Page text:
Our center also provides patients with aftercare planning services. Our coordinators ensure that patients can connect with other local resources outside the center for long-term medical and mental support, such as psychiatrists and counselors. We also host alumni activities for former patients that foster an ongoing team atmosphere and peer support system.

Our programs are structured with various components of evidence-based treatment practices and holistic approaches to treatment that provide our patients with the knowledge and tools they need to be successful in their recovery.

If you or your loved one is suffering from substance abuse, please seek help as soon as possible.

Snorting Heroin

Snorting Heroin | Midwood Addiction Treatment

Heroin, or diamorphine hydrochloride, is an illicit drug derived from morphine. The primary methods of heroin use include injecting, smoking, and snorting.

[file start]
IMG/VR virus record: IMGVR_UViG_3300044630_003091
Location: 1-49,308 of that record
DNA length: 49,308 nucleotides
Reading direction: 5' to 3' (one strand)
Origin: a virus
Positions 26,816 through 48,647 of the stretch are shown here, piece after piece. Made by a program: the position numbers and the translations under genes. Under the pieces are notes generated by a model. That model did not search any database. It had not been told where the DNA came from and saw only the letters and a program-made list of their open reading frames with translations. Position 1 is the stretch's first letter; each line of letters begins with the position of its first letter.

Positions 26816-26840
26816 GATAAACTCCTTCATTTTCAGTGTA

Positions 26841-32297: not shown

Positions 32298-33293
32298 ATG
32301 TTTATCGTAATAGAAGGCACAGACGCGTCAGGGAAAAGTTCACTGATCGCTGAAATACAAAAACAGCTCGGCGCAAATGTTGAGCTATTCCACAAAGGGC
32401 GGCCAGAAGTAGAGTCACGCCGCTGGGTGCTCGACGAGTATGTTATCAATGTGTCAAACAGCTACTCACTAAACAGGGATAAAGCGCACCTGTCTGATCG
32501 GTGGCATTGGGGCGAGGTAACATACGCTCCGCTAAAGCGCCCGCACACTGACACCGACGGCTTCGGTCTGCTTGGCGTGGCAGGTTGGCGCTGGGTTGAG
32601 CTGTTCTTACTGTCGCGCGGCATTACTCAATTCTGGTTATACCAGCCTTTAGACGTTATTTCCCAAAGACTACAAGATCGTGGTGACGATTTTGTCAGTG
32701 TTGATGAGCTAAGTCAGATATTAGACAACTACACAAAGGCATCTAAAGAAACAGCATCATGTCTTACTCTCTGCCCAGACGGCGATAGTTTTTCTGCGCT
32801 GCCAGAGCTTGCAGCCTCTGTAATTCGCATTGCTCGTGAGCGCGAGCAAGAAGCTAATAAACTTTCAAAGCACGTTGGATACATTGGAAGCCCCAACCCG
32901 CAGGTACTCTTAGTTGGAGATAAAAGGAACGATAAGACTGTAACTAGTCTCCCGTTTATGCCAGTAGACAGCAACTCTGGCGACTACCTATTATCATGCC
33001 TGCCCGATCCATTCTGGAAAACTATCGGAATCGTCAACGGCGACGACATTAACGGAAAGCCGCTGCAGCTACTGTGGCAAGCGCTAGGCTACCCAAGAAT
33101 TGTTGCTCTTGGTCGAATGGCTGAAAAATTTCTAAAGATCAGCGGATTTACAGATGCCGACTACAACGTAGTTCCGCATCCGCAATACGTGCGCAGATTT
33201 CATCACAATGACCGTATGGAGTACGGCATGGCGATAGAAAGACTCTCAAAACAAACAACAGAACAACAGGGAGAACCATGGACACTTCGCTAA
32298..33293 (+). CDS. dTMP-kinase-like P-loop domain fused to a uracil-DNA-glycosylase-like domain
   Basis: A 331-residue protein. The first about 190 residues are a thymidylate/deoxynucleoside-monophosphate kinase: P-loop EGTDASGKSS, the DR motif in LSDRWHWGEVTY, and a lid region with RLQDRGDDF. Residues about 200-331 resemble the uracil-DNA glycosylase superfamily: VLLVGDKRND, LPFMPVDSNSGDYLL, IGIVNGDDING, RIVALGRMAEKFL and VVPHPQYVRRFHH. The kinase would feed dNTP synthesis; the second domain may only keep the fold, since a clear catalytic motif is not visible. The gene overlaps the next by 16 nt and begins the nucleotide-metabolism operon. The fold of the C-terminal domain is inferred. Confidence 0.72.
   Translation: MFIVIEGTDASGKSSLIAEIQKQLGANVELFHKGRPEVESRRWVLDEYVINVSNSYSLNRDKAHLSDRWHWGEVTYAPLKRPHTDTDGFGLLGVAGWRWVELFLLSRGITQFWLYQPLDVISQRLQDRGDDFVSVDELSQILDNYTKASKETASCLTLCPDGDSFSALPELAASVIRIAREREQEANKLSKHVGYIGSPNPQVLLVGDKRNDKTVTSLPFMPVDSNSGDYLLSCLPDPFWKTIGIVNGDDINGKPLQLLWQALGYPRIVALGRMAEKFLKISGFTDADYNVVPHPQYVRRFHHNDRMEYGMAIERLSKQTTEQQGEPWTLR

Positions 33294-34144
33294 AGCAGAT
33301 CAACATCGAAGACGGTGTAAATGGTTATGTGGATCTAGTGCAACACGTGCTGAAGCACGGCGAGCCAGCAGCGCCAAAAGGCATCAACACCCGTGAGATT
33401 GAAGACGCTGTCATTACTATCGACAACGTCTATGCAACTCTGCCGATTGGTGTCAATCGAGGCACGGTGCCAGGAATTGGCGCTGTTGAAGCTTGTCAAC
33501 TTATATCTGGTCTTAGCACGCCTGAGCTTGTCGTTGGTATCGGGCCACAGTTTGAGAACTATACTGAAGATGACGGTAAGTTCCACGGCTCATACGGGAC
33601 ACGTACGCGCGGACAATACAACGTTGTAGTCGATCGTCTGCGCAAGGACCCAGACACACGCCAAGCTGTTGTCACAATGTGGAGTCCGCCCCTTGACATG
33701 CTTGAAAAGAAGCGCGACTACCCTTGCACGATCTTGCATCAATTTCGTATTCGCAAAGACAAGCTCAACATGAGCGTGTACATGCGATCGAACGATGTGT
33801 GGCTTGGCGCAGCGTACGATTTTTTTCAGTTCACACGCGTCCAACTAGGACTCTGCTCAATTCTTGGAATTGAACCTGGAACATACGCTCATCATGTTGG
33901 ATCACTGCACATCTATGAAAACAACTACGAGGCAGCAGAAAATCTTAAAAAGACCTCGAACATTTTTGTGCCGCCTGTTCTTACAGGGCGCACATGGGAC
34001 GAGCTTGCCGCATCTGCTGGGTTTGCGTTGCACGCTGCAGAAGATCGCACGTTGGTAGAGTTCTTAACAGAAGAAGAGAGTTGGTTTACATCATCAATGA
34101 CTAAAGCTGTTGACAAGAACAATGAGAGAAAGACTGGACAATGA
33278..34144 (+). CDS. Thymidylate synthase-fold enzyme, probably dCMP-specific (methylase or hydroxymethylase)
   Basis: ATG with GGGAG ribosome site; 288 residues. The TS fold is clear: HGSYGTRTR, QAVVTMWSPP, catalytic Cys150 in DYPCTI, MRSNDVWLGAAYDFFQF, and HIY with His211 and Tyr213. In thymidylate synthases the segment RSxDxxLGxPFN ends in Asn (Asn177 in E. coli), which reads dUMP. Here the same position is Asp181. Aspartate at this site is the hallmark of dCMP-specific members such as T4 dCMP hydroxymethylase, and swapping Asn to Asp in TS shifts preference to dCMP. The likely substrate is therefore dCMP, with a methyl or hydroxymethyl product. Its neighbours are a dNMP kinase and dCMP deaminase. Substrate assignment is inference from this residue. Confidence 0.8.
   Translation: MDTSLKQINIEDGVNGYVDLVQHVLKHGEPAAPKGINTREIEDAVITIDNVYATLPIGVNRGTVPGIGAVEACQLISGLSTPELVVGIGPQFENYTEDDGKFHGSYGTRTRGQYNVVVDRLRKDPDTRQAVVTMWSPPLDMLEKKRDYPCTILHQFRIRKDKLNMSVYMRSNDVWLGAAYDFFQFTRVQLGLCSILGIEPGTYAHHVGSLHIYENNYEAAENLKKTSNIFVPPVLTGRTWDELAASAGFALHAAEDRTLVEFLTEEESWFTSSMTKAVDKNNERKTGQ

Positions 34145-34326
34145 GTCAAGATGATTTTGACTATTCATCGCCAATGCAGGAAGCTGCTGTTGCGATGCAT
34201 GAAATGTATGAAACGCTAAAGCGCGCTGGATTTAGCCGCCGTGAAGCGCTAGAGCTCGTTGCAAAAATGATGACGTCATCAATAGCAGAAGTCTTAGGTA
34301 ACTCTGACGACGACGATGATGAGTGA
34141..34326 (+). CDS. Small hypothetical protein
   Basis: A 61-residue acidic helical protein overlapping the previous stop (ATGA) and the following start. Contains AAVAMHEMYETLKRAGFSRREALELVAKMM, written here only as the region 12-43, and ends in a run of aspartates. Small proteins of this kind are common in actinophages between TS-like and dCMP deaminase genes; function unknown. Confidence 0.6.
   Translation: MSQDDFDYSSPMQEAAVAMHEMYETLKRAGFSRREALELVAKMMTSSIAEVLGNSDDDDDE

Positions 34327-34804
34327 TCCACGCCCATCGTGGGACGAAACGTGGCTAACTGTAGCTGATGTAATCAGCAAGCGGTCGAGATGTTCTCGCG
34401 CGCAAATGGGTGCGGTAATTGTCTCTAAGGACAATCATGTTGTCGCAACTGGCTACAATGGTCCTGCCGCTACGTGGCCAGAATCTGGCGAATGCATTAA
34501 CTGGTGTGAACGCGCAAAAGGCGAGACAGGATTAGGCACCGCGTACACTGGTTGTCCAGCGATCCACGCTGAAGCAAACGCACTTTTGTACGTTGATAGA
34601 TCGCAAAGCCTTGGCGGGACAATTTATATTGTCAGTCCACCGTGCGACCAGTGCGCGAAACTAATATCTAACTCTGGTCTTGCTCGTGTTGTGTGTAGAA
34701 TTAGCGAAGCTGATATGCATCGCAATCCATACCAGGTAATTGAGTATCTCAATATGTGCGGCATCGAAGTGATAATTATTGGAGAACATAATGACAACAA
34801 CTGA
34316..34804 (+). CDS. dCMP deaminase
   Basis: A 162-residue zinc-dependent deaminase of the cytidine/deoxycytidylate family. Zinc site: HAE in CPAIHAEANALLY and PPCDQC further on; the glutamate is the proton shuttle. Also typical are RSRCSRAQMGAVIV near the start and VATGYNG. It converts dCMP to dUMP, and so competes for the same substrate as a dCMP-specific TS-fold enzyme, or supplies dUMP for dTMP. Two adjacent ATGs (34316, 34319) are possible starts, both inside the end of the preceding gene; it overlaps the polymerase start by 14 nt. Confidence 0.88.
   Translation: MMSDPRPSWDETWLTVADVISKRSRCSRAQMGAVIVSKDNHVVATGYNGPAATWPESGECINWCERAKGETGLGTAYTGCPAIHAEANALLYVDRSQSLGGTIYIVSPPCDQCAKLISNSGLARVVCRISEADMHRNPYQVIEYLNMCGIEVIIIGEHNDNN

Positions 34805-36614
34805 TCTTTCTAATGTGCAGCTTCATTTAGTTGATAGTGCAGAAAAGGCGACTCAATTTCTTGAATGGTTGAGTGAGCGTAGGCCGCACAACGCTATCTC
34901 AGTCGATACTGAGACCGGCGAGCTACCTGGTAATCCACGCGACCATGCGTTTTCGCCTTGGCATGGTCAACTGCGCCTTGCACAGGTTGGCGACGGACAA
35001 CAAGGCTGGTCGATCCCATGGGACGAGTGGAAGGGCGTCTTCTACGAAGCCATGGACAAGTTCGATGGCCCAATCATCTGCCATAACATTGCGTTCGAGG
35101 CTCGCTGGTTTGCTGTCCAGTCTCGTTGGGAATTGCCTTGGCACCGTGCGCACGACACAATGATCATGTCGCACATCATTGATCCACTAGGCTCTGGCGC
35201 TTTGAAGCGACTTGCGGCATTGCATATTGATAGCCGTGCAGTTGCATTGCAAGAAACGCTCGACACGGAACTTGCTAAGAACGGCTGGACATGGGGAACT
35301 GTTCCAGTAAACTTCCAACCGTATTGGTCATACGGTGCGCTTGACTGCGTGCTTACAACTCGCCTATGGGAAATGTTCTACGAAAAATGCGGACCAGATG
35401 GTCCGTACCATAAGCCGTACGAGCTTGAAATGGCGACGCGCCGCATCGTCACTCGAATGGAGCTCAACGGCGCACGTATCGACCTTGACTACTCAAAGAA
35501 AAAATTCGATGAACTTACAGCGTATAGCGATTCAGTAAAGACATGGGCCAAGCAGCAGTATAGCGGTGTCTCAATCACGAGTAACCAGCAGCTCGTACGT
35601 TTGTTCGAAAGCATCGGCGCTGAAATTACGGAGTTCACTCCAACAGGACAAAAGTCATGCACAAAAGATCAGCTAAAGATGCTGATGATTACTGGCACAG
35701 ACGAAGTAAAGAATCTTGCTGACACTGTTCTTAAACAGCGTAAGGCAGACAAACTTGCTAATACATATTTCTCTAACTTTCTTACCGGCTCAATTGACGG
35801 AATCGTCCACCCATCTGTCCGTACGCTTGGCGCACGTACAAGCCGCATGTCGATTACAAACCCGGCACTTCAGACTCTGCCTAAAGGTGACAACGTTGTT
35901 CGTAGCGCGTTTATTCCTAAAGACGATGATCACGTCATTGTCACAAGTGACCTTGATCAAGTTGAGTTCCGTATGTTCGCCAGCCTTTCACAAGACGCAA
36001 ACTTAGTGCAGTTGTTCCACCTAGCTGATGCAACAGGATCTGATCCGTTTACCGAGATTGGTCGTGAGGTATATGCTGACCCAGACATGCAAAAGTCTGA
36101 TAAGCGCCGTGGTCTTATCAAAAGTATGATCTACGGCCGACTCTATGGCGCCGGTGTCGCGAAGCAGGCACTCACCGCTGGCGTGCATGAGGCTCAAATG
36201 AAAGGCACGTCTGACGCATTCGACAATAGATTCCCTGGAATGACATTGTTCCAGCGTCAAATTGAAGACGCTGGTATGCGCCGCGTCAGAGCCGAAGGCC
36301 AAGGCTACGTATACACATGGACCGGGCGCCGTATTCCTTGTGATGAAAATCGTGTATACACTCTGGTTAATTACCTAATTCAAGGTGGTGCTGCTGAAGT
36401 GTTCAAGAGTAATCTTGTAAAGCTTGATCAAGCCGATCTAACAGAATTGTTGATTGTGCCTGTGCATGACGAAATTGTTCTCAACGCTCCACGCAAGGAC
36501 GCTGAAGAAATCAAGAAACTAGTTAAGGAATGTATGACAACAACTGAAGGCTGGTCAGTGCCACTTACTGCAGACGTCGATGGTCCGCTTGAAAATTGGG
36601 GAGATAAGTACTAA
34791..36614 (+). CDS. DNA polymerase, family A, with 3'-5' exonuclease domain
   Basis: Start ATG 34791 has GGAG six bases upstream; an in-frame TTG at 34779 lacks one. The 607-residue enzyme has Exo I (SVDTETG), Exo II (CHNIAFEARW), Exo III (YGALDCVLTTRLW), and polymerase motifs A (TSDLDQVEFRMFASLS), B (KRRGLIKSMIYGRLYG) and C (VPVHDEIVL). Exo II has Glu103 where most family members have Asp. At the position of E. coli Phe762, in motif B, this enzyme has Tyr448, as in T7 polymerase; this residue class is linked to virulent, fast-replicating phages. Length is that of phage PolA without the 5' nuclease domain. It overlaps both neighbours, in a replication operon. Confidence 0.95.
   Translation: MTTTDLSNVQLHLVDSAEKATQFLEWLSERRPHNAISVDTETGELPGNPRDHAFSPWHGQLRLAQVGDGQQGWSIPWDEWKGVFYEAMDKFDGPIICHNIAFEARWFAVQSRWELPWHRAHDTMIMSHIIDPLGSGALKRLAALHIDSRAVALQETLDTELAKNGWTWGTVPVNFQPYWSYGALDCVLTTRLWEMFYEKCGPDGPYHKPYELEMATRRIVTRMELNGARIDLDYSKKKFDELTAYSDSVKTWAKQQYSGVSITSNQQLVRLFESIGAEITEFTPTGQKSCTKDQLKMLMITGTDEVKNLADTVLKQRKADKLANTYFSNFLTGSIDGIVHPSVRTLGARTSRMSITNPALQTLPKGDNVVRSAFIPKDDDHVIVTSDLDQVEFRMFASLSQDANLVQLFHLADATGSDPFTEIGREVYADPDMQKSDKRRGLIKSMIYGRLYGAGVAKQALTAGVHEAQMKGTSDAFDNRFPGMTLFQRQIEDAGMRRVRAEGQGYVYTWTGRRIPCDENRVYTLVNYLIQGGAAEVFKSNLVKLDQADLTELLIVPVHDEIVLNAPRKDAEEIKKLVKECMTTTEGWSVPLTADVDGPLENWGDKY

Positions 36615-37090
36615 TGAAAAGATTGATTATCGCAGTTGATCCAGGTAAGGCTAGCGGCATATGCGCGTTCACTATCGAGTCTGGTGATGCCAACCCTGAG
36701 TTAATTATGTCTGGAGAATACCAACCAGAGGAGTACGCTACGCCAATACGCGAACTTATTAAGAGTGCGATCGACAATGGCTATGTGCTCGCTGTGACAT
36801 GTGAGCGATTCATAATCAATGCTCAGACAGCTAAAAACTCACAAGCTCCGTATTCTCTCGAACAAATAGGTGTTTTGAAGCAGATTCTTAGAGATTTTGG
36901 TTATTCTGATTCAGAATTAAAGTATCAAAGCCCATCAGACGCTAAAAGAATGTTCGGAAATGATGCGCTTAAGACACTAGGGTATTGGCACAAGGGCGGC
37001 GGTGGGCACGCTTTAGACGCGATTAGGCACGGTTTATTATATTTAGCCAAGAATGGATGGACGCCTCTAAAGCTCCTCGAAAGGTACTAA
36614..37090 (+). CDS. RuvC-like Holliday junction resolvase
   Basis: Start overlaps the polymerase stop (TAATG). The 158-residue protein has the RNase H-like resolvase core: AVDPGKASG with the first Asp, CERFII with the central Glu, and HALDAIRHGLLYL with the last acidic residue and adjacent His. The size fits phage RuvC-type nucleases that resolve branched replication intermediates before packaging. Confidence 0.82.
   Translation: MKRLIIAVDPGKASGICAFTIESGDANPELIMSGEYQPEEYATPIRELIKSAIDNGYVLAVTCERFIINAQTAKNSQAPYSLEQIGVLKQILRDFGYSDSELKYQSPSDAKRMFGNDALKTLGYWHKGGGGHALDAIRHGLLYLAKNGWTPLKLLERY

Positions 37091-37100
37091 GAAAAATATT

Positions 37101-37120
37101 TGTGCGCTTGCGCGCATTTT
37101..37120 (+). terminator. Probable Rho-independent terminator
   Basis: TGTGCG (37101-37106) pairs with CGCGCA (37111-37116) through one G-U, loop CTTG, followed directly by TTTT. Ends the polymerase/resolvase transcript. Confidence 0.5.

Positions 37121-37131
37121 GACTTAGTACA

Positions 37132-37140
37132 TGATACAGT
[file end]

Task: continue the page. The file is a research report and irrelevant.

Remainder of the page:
Snorting heroin typically involves inhaling the drug’s powdered form into the nasal cavity, usually with a straw or rolled up paper. Heroin then enters the bloodstream through the nose before it makes its way into the brain.

People who snort heroin face a unique set of risks in addition to the usual set of side effects and complications. These include:

  • Asthma attacks
  • Nosebleeds
  • Breathing issues
  • Viral and bacterial infections in the nasal passage
  • Damage to the sinuses, septum, and surrounding nasal tissu[/su_box]

Snorting Vs. Injection

Snorting heroin is unlikely to result in the intensity of injection – at least at first. When injecting, the user can experience a high within seconds – when snorted, however, it may take up to 15 minutes for the user to feel the initial effects.

After the first rush is over, however, the effects of both delivery methods can be quite similar.